Ex-Saudi crown prince pledges allegiance to successor

Royal decree removes Mohammed bin Nayef as next in line to the throne and replaces him with Mohammed bin Salman.

Newly appointed Crown Prince Mohammed bin Salman kisses the hand of Prince Mohammed bin Nayef in Mecca
Many younger Saudis regard the latest shuffle in official positions as a sign that their generation is taking a central role in government [Reuters]

Former Crown Prince Mohammed bin Nayef has pledged allegiance to his successor Mohammed bin Salman, the son of King Salman bin Abdulaziz.

A royal decree on Wednesday removed Crown Prince Mohammed bin Nayef, a 57-year-old nephew of the king, as next in line to the throne and replaced him with Mohammed bin Salman, 31, who was previously the deputy crown prince.

In televised images released by the state’s channel, Mohammed bin Salman, the former deputy crown prince, greeted his predecessor and said: “I will never give up your advice.”

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The new crown prince was also named as deputy prime minister, and maintained his defence minister role.

King Salman called for royals to pledge allegiance to his son at the Safa Palace in Mecca after the Ramadan Taraweeh prayers.

The Saudi Press Agency reported that, in the interests of the country’s citizens, King Salman had already pledged allegiance to the new crown prince on behalf of the governors in the kingdom.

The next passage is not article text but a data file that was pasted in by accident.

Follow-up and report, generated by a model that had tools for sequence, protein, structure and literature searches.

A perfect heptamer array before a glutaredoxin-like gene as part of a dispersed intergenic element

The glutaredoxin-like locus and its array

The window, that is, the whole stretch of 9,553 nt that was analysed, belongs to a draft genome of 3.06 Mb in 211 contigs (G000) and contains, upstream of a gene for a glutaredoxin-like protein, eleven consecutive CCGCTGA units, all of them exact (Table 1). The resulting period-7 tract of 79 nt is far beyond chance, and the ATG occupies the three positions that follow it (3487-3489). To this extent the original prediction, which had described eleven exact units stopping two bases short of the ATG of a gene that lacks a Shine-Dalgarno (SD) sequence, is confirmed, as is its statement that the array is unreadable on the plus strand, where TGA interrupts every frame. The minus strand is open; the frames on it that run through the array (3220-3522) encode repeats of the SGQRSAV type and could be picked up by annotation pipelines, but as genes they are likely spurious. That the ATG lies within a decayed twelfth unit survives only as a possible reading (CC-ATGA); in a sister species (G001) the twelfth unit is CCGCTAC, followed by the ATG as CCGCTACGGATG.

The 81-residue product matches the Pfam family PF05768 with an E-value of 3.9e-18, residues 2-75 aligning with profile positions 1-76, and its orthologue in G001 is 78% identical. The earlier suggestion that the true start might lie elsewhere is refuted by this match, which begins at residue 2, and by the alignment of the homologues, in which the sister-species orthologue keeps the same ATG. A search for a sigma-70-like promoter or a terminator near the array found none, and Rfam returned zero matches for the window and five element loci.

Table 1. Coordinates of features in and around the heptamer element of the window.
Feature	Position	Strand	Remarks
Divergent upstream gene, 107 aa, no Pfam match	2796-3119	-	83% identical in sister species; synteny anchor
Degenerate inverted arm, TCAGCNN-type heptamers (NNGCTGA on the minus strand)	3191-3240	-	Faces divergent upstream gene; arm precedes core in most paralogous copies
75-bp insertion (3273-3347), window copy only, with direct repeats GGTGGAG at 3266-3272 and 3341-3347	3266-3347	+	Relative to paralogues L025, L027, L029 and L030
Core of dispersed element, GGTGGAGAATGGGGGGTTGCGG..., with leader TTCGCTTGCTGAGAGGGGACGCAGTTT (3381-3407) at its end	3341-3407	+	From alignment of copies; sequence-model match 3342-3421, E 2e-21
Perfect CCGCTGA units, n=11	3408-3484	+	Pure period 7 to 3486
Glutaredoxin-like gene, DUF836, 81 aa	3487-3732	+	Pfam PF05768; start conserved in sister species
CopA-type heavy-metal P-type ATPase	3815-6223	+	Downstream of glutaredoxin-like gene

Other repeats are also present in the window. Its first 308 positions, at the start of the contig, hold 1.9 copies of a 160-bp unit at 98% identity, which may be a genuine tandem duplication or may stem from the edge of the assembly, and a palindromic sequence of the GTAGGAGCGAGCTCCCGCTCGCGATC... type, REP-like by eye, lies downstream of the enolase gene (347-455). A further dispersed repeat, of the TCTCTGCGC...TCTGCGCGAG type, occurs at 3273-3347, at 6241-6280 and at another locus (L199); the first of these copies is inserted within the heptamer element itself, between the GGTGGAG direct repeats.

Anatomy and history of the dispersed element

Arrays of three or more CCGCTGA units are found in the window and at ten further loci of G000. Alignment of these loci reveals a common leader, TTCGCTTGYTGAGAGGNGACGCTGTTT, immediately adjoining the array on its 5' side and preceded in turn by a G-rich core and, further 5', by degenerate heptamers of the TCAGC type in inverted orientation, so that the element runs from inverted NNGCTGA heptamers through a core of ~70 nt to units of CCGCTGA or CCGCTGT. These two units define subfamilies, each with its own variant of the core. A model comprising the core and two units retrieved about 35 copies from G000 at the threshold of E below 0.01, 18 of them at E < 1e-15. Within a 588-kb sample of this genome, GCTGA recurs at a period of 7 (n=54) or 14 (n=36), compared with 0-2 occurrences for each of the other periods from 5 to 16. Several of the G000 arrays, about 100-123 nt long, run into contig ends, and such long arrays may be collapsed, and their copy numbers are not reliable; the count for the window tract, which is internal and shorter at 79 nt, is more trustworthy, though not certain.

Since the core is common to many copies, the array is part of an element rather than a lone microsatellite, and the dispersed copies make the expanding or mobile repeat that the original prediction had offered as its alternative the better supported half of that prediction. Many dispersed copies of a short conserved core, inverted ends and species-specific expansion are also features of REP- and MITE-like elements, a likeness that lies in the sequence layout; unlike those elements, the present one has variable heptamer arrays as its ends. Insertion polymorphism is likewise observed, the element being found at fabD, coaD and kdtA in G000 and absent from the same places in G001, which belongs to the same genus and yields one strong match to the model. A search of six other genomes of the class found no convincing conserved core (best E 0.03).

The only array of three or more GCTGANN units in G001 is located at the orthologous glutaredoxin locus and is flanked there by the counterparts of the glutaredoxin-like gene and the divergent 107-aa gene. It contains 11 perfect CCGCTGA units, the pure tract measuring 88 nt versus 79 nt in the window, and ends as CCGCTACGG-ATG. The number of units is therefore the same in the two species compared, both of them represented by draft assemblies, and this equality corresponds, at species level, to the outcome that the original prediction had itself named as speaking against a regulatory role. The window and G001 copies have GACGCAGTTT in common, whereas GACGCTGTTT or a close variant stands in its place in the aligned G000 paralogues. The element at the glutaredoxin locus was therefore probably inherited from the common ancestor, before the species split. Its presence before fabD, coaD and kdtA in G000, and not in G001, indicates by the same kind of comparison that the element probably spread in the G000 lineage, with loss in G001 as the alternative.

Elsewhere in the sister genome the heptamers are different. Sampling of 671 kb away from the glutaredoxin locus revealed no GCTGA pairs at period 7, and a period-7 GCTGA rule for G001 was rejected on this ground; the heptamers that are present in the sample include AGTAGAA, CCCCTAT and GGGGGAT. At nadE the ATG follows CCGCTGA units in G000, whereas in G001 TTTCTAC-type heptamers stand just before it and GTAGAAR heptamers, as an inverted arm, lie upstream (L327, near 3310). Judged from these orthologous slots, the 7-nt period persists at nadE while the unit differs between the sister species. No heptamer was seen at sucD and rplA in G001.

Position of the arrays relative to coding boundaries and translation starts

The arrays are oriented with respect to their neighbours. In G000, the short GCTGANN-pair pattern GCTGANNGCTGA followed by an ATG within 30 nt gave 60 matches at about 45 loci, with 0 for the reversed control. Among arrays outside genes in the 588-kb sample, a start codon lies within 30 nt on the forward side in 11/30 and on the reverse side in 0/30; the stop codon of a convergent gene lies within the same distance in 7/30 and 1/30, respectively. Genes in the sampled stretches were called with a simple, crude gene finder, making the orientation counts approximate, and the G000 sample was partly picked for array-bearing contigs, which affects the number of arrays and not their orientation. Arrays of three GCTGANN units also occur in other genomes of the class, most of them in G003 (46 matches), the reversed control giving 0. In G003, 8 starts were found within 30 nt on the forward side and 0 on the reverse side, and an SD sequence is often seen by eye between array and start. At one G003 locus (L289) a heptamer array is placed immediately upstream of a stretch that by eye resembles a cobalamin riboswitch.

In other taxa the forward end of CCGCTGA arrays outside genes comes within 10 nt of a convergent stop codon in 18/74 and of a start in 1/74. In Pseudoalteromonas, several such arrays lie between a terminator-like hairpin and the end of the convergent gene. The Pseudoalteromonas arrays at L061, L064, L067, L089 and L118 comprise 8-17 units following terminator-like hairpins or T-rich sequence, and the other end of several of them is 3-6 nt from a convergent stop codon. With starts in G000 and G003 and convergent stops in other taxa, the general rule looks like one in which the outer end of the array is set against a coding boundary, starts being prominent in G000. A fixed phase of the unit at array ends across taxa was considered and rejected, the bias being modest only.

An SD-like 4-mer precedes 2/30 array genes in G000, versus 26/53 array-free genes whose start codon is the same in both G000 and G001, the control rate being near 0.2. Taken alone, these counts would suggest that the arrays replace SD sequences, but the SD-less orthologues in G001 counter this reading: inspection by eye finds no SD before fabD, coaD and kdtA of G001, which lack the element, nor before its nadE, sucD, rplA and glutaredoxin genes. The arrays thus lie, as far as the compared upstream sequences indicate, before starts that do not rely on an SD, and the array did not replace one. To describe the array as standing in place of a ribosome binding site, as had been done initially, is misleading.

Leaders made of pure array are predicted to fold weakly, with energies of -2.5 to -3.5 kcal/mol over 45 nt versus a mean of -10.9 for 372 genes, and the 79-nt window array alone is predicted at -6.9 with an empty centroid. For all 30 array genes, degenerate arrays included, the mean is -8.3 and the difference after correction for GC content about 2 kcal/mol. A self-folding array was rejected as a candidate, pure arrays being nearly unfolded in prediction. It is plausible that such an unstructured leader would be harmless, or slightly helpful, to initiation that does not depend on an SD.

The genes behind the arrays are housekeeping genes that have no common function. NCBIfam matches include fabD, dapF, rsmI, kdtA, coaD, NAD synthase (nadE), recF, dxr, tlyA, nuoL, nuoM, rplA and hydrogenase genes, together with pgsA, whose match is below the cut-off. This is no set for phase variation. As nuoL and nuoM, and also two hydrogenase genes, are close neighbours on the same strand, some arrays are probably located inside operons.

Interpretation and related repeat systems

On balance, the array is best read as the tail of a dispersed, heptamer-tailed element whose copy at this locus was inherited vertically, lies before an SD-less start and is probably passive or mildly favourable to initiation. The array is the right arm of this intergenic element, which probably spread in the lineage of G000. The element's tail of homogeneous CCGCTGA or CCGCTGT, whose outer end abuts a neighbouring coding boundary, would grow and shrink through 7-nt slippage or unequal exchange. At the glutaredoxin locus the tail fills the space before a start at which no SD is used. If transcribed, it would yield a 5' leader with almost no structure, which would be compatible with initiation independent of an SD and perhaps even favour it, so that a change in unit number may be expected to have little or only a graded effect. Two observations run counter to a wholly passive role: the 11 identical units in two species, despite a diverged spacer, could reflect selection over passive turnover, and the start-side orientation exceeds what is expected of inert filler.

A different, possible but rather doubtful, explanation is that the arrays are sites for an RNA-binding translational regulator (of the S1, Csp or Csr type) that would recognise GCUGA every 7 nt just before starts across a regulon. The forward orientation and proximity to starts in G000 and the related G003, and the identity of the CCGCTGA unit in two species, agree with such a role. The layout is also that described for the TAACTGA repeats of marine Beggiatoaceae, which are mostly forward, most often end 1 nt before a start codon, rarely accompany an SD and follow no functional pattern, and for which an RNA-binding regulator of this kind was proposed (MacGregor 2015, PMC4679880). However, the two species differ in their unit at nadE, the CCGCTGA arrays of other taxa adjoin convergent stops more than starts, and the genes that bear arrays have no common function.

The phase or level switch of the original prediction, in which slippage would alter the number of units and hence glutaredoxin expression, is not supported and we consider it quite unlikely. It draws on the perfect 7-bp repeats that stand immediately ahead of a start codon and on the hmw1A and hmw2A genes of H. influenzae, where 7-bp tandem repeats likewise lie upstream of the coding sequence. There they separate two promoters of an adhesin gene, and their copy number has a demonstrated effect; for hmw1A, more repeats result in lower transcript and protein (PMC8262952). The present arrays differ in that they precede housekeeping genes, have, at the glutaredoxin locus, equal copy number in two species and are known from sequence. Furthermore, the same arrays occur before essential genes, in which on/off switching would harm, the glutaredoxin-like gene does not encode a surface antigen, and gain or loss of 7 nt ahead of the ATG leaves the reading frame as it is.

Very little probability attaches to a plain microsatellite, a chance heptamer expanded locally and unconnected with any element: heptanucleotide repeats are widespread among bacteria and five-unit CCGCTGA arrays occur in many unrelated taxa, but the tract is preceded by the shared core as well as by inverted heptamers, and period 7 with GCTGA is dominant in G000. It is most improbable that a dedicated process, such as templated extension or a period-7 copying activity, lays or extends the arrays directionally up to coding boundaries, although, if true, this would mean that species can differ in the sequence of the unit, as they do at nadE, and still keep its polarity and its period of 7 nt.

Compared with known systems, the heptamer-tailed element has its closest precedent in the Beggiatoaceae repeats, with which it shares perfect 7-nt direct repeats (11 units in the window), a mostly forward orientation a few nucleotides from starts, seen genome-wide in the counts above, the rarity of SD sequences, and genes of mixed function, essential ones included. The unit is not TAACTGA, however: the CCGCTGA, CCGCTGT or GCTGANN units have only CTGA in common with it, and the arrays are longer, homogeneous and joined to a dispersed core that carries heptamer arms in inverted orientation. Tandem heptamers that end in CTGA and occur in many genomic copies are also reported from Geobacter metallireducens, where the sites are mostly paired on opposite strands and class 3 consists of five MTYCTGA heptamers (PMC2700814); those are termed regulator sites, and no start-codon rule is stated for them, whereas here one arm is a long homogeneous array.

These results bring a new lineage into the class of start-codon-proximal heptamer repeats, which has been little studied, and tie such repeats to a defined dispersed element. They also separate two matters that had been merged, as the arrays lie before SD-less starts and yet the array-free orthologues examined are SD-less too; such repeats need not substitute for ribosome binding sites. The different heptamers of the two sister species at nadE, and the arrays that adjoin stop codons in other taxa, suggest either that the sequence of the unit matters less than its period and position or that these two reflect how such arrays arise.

The king issued a decree last weekend restructuring Saudi Arabia’s system for prosecutions that stripped Mohammed bin Nayef of long-standing powers overseeing criminal investigations.

Instead the newly named Office of Public Prosecution and prosecutor will now report directly to the monarch.

Younger Saudis regard the ascent of Mohammed bin Salman as evidence that their generation is taking a central place in modernising and reforming a country whose patriarchal traditions have for decades made power the province of the older generations.

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Mohammed bin Nayef, who is credited with putting down an al-Qaeda bombing campaign and establishing close ties with the United States, was also relieved of his role as interior minister.

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He had taken over the formidable and effective security structure built by his father, the late Crown Prince Nayef.

The position was given to Mohammed bin Nayef’s nephew, 28-year-old law graduate Prince Abdul Aziz bin Saud.

The royal decree also included an extension of the Eid al-Fitr holiday by a week, from 10 to 17 days, to mark the occasion.

Mohammed bin Salman embarked on major overseas visits, including a trip to the White House to meet US President Donald Trump in March.

That visit to Washington helped to lay the foundation for Trump’s visit to Saudi Arabia in May, which marked the president’s first overseas visit.

Marwan Bishara, Al Jazeera’s senior political analyst, said this is the first time Saudi Arabia has such a young prospective king”.

“The king feels it is time to leave a legacy,” he said.

“The last two years the deputy crown prince has actually been leading while the crown prince was on the side,” Bishara added.

“It was just time to give him the official title.”

Source: Al Jazeera, News Agencies